Looking for a home loan in the mid $400,000, with 20% down on the value price, a first home purchase and in the U.S.

What strategies can be applied to ensure the best interest rate possible?

What are the differences with online mortgage companies vs. going to a bank?

Is rate matching common in the industry?

Any other strategies or ideas to be aware of - for someone new to the process?

Any information and/or pointers in the right direction of trusted information is very much appreciated.

Than you.


2 Answers 2


Purchase loans tend to be more challenging to get the best possible rate, because you have to balance closing the loan and getting the contract. So there isn't as much time to shop around as when you do a refinance.

I disagree with the sentiment to go with your local bank. Nothing wrong with asking at your local bank and using their numbers as a baseline, but chances are they won't be competitive. There are many reputable online mortgage originators that will show accurate fees and rates upfront assuming you provide accurate information.

In the past there were a lot of issue with Good Faith Estimates being pretty much worthless. There were a fair number of horror stories about people showing up to closing and finding out fee or rates had increased dramatically. There was a law passed after the housing debacle that severely limits the shenanigans that lenders can do at closing and so there is less risk when going with a lesser known lender. In fact I would say the only real risk with a lender now days is choosing one that happens to be overloaded and or just has poor customer service in general.

Personally I have found the most competitive rates from Zillow's mortgage service and the now defunct Google mortgage. The lenders tend to be smaller, but highly efficient. They are very much dependent on their online reputations. I have heard good things about a number of larger online lenders, but I don't have personal experience so I will leave them off.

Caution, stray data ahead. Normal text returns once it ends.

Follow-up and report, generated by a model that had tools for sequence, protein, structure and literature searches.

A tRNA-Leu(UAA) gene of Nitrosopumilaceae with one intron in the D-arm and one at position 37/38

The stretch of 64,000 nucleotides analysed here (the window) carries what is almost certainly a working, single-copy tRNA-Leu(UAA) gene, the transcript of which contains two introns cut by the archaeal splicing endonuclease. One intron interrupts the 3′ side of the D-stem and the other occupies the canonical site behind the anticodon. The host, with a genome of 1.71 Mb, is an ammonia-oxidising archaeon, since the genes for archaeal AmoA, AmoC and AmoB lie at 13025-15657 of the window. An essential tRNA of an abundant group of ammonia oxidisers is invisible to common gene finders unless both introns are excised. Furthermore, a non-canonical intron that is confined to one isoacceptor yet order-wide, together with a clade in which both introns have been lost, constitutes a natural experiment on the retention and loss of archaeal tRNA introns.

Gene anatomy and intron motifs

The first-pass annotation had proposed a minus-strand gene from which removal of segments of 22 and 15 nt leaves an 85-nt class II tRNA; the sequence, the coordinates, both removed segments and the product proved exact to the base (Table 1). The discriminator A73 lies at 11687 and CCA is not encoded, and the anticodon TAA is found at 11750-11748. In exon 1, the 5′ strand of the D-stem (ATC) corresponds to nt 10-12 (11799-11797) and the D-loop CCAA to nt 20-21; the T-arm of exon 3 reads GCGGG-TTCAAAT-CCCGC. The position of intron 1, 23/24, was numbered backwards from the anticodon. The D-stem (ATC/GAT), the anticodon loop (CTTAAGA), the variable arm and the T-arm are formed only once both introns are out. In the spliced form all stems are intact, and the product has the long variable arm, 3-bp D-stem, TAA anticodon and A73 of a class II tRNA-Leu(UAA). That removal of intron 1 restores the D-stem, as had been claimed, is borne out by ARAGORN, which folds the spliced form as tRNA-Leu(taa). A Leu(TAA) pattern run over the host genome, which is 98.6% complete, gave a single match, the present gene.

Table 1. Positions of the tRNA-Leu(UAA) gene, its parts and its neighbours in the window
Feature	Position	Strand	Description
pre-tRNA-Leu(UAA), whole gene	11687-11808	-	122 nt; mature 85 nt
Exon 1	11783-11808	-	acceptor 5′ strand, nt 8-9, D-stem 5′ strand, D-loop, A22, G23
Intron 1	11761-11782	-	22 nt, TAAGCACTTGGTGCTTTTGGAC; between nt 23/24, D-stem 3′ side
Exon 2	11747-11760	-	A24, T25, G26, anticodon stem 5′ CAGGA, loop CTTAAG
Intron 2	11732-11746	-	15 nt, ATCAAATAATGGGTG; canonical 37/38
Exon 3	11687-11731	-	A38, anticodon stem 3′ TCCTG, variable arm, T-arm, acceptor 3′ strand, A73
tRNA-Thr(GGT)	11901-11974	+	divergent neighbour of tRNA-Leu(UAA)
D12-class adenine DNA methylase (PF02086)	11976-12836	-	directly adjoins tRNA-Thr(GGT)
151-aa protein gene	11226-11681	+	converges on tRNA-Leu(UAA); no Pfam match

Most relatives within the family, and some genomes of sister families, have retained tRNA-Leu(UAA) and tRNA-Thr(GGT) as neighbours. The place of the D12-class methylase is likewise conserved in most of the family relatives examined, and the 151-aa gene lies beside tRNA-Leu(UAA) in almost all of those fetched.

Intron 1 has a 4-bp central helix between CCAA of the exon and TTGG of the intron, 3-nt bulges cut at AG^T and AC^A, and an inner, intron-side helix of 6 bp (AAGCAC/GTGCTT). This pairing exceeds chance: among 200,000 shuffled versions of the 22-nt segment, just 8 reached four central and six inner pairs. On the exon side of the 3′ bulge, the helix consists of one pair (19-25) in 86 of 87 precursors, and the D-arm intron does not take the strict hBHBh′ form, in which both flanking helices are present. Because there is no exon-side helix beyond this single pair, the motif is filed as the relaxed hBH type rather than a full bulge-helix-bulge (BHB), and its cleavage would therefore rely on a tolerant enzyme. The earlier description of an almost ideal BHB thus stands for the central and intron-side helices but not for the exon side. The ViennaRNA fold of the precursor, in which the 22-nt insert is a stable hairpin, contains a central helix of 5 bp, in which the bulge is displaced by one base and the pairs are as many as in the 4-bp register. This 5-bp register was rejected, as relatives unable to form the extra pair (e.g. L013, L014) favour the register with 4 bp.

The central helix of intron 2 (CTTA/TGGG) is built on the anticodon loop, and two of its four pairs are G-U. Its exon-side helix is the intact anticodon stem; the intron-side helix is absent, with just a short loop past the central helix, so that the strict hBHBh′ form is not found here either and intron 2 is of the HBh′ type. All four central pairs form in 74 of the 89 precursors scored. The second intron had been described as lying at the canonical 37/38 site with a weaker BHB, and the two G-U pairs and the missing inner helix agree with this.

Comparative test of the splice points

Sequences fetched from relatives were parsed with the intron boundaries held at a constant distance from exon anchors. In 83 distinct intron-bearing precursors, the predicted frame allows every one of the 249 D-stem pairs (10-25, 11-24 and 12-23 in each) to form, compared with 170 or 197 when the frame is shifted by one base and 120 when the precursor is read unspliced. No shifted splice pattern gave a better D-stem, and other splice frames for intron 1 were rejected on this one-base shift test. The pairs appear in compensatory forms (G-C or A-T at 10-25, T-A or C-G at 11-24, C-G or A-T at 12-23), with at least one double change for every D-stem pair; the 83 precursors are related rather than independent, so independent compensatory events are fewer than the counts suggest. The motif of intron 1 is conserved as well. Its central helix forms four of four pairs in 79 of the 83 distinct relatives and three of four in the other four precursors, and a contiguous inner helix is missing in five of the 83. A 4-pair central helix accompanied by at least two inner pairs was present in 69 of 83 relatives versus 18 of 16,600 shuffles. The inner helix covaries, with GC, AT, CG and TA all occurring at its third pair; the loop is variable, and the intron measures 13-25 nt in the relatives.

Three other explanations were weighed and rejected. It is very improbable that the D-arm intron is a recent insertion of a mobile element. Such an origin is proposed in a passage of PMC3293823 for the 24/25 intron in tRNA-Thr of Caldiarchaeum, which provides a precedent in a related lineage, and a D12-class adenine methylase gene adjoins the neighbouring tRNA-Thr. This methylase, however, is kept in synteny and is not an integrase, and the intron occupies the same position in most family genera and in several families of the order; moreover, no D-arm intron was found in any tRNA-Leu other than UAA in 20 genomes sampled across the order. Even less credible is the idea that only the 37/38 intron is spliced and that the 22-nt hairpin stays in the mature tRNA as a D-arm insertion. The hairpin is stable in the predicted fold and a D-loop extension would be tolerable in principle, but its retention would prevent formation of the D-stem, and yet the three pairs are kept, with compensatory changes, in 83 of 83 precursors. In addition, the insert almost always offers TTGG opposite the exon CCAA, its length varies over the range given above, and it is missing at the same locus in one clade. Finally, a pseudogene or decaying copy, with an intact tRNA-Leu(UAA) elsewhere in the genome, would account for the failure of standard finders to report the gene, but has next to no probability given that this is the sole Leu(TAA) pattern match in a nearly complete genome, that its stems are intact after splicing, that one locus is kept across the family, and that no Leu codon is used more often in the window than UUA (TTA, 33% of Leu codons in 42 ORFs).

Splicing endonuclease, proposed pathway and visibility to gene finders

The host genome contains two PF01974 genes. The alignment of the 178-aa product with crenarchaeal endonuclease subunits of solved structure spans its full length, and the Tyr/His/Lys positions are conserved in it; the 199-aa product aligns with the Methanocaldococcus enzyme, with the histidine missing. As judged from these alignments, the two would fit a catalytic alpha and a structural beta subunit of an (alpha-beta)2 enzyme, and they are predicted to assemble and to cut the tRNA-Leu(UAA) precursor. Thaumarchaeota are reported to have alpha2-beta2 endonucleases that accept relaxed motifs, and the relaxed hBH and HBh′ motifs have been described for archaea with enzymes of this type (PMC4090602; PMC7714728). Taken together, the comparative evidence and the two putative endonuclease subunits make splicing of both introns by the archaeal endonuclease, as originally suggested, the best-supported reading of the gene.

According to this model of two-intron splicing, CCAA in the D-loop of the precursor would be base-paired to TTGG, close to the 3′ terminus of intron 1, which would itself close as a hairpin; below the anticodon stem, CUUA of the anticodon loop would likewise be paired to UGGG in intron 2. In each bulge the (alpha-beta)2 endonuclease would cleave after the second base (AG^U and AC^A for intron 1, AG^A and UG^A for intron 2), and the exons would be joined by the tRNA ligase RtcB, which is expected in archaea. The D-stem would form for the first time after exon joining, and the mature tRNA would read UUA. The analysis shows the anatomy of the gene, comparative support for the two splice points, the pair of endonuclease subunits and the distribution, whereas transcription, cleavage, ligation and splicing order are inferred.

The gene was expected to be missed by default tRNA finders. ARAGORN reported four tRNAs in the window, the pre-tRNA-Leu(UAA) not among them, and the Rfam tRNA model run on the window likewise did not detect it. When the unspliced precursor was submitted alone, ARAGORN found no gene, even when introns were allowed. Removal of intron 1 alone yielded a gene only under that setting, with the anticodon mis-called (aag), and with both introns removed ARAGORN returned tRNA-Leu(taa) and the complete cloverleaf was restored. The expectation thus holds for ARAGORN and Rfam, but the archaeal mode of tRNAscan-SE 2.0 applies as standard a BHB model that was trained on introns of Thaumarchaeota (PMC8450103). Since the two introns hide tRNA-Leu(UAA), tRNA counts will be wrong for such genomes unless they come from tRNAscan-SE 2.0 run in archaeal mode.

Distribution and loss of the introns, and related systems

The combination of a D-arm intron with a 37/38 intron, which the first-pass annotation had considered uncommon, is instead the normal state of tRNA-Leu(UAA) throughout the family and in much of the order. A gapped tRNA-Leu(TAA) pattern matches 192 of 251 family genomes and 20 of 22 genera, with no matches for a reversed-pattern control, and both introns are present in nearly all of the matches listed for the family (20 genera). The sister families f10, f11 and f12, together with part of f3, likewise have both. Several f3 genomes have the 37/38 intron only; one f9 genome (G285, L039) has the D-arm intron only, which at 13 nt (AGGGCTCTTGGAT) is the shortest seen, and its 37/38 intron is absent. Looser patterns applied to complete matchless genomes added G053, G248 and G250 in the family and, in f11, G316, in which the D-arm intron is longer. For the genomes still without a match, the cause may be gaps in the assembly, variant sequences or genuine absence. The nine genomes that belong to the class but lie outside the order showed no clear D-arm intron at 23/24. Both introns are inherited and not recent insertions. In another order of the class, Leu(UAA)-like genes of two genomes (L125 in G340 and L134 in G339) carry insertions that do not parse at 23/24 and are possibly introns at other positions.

I personally wouldn't worry much about whether the loan is sold or not. Outside of refinancing I don't think I have ever talked to the bank servicing my mortgage about my mortgage. There just isn't much need to talk to them.


Start with the bank where you have your checking and savings account. They can streamline some of the paperwork, because they can see how much you make, and have access to several years worth of bank statement.

Legitimate mortgage companies do publish their rates. But there is no guarantee that you will qualify for the best rate without them knowing your credit score, salary, and down payment information.

There is no way to know that you have the best rate because of the time lag involved. You will pick the best one you can work with, but the rates can change every day. Even when you lock in the rates, other companies can drift lower. Once you have started down the application process you will reach a point where switching companies will cost you time and money.

Once you decide to purchase a house, the contract usually only gives you a few weeks to prove that you have financing in place. Therefore you will have to start the process before deciding on the house. Some advance work is needed to give you an idea of the maximum monthly payment you can afford, which will then based on the rate and down payment determine the maximum house you can buy.

I have had good luck with my credit union, but there is no guarantee that yours will be competitive. Keep in mind that while rates are very important, some people also value customer service, and also like that the mortgage won't be sold to out of town investors.

  • good info, much appreciated. Apr 22, 2013 at 23:13

You must log in to answer this question.

Not the answer you're looking for? Browse other questions tagged .